Introduction to Acro Yoga: 3 Person Yoga Poses You Have to Try

Introduction to Acro Yoga: 3 Person Yoga Poses You Have to Try

Trio yoga is an intriguing combination of yoga, cheering, and zen meditation, with a healthy dose of laughter thrown in for good measure. Acro Yoga capitalizes on the fact that yoga has progressed beyond the confines of simply you practicing on the mat. You may now bring in a second person, or even a third person, to create a communal experience that is both demanding and exciting, consisting of flying acrobatics, creative workout, and deep stretching.

Delve into more cool details about Acro Yoga and find out the best 3 person yoga poses!

Acro Yoga: the Facts

Acro yoga movements require a great deal of strength and flexibility, in addition to balance and communication, in order to be performed successfully. Imagine the following: yoga, gymnastics, and acrobatics in a nutshell. Because of its myriad advantages and one-of-a-kind photographic opportunities, this combination of physical activity and creative expression is quickly gaining popularity.

Simple Yoga Positions for a Group of Three

Beginners in yoga should only immediately dive into acro yoga after first engaging in enough preparation and training. If you aren’t properly prepared and grounded, you risk serious injuries when doing acro yoga, which is not for those who are easily scared.

To begin, sit in lotus posture facing one another in a circle, back-to-back. Take a few breaths together to become in tune with each other’s bodies and establish a connection to your sense of balance.

3-Way Lord of the Dance (Natarajasana) Pose

The Lord of the Dance is a great balancing pose for immediate warmup. The nicest thing about it is that you must experiment to perfect the interlocking grip. Follow these steps to get there:

  1. Begin by forming a circle with all of the yogis facing inward toward the center
  2. Make your weight shift to one leg and flex your left knee behind you, keeping your right leg straight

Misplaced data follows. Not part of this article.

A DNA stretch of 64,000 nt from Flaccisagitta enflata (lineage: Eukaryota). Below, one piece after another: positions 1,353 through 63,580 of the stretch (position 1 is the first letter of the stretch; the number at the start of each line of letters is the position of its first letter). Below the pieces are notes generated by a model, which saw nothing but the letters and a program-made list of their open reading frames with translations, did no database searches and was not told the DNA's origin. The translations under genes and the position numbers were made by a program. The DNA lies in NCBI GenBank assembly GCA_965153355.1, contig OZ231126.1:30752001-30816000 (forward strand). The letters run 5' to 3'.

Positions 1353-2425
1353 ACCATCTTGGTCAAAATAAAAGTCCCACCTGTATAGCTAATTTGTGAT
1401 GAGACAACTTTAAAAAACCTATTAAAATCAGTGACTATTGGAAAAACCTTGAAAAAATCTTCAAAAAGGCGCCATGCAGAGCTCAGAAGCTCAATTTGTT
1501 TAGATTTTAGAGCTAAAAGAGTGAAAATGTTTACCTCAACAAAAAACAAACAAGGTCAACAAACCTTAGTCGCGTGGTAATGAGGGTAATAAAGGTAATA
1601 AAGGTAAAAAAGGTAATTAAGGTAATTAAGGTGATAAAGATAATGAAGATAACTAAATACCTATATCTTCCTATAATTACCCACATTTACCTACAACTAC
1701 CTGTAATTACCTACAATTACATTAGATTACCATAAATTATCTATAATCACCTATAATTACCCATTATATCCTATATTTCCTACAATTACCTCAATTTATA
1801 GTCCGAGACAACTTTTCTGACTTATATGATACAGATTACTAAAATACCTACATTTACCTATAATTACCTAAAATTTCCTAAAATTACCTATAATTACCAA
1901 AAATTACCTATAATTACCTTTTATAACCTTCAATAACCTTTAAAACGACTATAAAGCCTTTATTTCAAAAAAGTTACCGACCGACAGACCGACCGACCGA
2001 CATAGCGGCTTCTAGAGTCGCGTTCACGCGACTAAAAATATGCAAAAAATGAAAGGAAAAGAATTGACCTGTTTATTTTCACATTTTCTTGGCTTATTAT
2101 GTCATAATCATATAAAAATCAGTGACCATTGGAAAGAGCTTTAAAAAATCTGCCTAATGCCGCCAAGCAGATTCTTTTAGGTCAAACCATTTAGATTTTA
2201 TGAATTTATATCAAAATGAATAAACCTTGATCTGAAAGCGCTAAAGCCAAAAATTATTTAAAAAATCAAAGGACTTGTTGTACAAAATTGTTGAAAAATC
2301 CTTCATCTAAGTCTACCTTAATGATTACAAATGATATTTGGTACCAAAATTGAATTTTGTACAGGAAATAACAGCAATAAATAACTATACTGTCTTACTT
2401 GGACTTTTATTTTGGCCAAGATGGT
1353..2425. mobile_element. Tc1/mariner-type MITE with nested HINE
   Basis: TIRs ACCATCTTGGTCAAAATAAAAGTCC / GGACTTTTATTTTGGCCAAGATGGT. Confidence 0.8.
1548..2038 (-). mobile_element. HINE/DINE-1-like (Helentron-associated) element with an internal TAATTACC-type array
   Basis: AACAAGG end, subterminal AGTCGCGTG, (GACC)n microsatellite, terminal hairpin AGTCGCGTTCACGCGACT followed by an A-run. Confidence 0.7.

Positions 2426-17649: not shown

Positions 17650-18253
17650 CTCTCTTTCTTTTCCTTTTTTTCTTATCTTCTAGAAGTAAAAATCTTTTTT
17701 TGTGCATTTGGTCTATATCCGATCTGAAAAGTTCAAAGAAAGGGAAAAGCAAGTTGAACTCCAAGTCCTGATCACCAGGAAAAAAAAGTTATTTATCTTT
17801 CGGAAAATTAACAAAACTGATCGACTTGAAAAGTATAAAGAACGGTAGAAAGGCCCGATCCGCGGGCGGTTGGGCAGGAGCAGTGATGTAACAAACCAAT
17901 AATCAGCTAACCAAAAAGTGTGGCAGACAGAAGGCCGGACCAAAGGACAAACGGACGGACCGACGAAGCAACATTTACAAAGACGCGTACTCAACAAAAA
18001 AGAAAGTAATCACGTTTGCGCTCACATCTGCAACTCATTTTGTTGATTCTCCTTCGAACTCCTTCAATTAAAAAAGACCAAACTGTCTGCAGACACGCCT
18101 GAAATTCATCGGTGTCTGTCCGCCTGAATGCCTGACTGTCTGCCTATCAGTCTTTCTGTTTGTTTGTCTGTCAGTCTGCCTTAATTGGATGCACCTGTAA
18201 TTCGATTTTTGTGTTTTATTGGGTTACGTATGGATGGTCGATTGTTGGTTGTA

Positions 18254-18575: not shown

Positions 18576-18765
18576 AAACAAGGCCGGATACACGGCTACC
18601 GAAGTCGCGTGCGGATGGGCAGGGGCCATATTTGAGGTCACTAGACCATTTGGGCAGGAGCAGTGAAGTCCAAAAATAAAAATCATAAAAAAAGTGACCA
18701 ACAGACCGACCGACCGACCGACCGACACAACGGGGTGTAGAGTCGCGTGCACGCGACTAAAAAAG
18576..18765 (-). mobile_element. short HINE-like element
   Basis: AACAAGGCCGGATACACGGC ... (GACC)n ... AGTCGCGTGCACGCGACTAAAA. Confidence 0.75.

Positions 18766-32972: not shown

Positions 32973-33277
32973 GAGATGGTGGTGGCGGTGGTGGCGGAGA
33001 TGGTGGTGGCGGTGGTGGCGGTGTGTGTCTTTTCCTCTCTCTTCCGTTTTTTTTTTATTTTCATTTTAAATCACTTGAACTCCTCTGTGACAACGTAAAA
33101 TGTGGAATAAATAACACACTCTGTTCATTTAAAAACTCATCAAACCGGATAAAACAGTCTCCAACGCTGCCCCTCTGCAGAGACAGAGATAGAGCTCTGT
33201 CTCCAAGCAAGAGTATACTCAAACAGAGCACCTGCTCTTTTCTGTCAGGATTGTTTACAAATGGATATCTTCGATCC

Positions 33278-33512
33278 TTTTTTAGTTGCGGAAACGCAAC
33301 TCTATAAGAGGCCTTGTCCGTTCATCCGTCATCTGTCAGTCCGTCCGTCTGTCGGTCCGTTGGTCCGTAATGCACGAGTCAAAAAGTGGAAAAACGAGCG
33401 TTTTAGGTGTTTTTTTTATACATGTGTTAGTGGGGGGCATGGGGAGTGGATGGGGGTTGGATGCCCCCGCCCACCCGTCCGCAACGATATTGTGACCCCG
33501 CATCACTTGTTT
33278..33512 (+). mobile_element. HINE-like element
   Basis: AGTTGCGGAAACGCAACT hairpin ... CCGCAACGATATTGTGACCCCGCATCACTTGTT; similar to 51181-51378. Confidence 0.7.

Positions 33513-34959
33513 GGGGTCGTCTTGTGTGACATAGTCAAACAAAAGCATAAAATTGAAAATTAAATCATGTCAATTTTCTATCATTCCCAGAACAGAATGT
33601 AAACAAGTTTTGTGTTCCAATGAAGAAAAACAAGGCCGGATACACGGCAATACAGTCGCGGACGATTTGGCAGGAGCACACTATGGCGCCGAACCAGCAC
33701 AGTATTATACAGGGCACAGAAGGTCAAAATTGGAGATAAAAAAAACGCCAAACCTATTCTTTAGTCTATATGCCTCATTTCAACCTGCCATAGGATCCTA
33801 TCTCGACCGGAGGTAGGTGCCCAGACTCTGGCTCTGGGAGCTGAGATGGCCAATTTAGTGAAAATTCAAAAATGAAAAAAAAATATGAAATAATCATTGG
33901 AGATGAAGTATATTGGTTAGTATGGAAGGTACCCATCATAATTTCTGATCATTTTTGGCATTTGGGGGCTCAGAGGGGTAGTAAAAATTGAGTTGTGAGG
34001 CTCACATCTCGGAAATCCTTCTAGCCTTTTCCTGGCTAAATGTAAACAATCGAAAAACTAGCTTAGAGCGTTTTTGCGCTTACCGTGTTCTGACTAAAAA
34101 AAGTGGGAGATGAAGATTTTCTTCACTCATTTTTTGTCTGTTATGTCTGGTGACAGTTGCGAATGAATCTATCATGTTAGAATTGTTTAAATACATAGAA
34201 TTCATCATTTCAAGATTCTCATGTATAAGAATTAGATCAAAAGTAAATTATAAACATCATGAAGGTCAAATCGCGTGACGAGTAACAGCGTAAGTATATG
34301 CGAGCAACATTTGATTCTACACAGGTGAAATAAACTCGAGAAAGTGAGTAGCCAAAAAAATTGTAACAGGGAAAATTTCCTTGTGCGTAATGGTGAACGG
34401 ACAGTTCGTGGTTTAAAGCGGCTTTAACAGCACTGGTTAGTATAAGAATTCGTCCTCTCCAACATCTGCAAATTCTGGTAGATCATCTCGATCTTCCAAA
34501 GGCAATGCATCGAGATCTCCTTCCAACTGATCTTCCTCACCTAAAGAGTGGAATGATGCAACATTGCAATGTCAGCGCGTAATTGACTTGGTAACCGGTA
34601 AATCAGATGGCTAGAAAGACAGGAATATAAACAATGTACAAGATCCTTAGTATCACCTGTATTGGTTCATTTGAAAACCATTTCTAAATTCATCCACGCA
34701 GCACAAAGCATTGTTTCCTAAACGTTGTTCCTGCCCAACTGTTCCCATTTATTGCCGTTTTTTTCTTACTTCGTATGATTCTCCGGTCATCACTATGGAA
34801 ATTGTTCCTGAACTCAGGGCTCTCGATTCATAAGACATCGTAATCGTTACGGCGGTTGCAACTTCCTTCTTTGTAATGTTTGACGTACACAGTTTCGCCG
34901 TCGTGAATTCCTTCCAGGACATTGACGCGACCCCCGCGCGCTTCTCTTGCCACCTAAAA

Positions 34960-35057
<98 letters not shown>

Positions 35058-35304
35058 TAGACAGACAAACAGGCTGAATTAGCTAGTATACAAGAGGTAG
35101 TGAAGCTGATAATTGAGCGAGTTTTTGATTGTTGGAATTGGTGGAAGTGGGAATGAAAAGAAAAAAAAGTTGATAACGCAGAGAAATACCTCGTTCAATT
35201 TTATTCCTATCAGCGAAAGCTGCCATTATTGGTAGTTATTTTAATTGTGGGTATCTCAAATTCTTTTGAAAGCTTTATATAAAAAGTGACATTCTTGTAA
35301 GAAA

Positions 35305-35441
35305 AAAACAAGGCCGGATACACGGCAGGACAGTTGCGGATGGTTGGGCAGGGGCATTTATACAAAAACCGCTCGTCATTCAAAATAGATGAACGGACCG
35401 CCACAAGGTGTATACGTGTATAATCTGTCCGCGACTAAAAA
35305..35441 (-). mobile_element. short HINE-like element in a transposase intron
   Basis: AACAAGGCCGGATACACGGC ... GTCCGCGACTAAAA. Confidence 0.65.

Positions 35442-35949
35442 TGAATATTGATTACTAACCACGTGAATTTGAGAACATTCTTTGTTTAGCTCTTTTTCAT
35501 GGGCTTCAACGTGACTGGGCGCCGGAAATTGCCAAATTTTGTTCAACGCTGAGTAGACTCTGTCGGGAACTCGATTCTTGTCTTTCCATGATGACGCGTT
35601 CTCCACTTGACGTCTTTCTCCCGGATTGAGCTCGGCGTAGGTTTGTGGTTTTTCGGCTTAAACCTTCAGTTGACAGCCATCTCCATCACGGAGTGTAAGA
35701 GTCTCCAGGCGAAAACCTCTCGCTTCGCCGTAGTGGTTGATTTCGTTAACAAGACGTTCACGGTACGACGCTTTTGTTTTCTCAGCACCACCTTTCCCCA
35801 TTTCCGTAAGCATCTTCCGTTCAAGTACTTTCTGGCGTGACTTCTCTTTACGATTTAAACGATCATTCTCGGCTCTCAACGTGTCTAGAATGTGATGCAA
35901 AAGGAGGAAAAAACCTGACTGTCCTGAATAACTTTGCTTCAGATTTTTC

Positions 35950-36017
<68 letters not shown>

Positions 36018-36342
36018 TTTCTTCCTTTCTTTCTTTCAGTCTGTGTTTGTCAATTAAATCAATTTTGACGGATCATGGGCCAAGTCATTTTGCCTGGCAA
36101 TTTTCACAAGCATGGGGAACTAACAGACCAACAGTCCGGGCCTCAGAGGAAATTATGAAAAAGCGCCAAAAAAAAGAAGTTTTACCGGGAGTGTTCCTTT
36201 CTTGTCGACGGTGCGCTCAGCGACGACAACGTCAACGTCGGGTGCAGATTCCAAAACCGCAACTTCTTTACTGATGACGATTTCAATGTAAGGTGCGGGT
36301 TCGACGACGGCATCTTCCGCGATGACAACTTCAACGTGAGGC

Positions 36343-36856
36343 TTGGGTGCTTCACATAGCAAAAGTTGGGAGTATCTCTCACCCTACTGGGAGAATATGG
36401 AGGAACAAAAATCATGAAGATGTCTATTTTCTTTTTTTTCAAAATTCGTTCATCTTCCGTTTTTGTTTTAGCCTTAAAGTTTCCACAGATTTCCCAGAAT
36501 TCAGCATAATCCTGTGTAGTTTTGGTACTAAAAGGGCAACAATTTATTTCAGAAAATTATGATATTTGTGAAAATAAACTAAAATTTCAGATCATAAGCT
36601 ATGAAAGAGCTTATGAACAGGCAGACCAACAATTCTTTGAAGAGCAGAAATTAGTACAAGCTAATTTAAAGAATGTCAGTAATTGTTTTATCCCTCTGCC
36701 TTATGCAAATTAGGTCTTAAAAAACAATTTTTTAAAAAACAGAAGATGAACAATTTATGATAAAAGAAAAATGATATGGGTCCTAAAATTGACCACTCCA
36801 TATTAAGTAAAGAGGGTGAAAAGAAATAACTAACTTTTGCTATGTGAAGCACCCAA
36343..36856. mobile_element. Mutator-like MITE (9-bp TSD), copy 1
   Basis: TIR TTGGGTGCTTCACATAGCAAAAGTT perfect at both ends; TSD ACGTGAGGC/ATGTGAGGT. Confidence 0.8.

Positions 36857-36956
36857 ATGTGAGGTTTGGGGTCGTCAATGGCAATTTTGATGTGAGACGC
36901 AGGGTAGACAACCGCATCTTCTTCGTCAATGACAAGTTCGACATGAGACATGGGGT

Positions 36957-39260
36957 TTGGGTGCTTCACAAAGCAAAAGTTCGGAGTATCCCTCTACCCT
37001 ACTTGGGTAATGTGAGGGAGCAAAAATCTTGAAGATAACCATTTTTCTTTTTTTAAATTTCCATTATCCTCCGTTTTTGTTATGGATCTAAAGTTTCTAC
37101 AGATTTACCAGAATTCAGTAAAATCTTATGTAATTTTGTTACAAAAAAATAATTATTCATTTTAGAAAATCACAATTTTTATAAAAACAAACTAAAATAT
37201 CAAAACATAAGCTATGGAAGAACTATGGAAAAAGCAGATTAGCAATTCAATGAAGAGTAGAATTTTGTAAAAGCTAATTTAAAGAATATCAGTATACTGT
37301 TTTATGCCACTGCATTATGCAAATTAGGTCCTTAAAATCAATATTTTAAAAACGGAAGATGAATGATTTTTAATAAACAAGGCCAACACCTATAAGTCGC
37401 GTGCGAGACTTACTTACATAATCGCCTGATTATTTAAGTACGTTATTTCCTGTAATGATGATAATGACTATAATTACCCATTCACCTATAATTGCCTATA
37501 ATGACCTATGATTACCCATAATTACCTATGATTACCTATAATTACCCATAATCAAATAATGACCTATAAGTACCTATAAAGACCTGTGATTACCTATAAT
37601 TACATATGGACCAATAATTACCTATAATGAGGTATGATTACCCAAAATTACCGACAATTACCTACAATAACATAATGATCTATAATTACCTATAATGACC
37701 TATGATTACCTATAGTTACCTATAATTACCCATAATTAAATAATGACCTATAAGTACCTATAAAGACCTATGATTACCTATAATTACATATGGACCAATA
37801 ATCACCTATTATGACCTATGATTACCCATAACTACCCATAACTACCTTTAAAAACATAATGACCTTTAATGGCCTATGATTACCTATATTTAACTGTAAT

3. Grab hold of the inner side of your left ankle with one hand, and gently kick your rear glute up until your foot is lifted into a complete “Lord of the Dance” stance with the other hand
  4. Extend the arm that is opposite your dominant hand up and forward, and make a prayer sign with your hands with the other yogis in the center of the circle
  5. Lean on the shoulders of your other yogis for support and steadiness, and breathe as one
  6. It should be repeated on the opposite side
Triple Warrior III

It would be best to give the Triple Warrior III a go once you have been accustomed to being near your other partners. These are the exact steps:

  1. Form a circle with everybody toward the middle as the starting point
  2. Raise your arms over your head as you inhale, palms facing inward
  3. Exhale, and put the majority of your weight on your right leg
  4. When you take a deep breath in, make an opening at the waist and extend your left leg behind you
  5. As you enter Warrior III, press all your hands firmly against one another or interlock your arms. Make adjustments to your stance as necessary to maintain your balance
  6. Make an effort to maintain your body in the shape of a T, with your hips pointing toward the ground
  7. Repeat, too, on the opposite side
The Box Trio

The Box Trio is the last yoga position that we recommend for groups of three people:

  1. Two people rest on their backs while holding their head crowns close, almost touching
  2. Next, they both raise their legs up and gently bend their knees to make space for the flyer to come into position
  3. The person on top will move their shoulders onto one base’s feet and then elevate their lower body onto the other
  4.  The bases might have to adjust slowly and force their legs upward until they attain a straight-legged position with their feet beneath the flyer’s shoulders and toes
  5. The person on top will shift their shoulders onto one base’s feet and then lift their lower body onto the other
  6. While the bases are fully supporting the flyer’s body weight and breathing deeply, the flyer maintains the Savasana position


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